In 1974, a crisp dollar bill still did some talking.
Jim flies back to L.A and gets to his trailer late that night, where Rocky, mistaking Jimbo for a prowler, pulls a gun on him from the shadows. The following morning Beth is cross-examining Jim over his expense report. “Toothpaste?” She throws him a sideways glance, but Jim’s in no mood. He turns the tables on Beth, accosting her for being so uptight over something as small as a tube of toothpaste. The expense report haggling gets abruptly cut-off as the camera reveals a suspicious puddle of liquid on the street that turns out to be brake fluid.
This episode marks the first of many times Jim’s brakes get tampered with over the course of the Rockford Files, reminding me that as a kid in the 70s, I figured if I died of unnatural causes it would either be from getting taken out by killer bees, walking into quicksand, or because someone decided to tamper with my brakes.
Seems like a lot of brakes got tampered with in Seventies crime shows. Blame Watergate paranoia.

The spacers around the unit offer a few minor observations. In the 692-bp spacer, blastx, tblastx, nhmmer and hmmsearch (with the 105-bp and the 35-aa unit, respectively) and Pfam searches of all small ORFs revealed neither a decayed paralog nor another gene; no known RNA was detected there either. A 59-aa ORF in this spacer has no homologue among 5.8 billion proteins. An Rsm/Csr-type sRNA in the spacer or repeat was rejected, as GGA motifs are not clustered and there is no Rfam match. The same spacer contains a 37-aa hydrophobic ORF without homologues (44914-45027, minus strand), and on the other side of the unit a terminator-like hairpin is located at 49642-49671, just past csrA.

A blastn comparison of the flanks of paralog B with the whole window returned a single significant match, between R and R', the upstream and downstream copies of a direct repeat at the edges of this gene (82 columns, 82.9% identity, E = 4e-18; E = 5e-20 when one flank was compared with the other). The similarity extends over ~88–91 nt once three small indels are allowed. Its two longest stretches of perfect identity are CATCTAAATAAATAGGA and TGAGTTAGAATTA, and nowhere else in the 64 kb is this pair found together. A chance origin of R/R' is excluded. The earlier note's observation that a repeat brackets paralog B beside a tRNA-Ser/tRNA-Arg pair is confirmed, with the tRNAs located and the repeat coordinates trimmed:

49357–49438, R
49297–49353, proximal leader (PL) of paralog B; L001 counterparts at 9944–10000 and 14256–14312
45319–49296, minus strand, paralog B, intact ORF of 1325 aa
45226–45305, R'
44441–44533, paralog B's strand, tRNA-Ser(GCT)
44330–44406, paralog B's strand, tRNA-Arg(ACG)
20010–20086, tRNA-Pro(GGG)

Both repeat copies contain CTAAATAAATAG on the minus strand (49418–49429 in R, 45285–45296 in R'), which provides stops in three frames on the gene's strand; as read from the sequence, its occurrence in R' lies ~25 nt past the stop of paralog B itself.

At the episode’s end, Jim takes Beth out for tacos on the pier. Unlike the burger and hot dog meals in the previous shows, there is no coffee ordered with the food this time. Apparently that’s a drink Jim reserves for nighttime. Believe me, I’m watching closely.
At the taco counter, Beth gives the expense report another once-over, and Jim learns the hard way that a 5’1″ attorney in a pants suit can be the toughest customer of all.
THE OTHER STAR OF THIS EPISODE: THE HUGGINS CONTRACT
The verbiage in “The Dark and Bloody Ground” seems notably snappier than in previous Rockford episodes. Samples include:
- “It’s the biggest thing since ‘Birth of a Nation’!” (Beth, describing a film getting a lot of buzz.)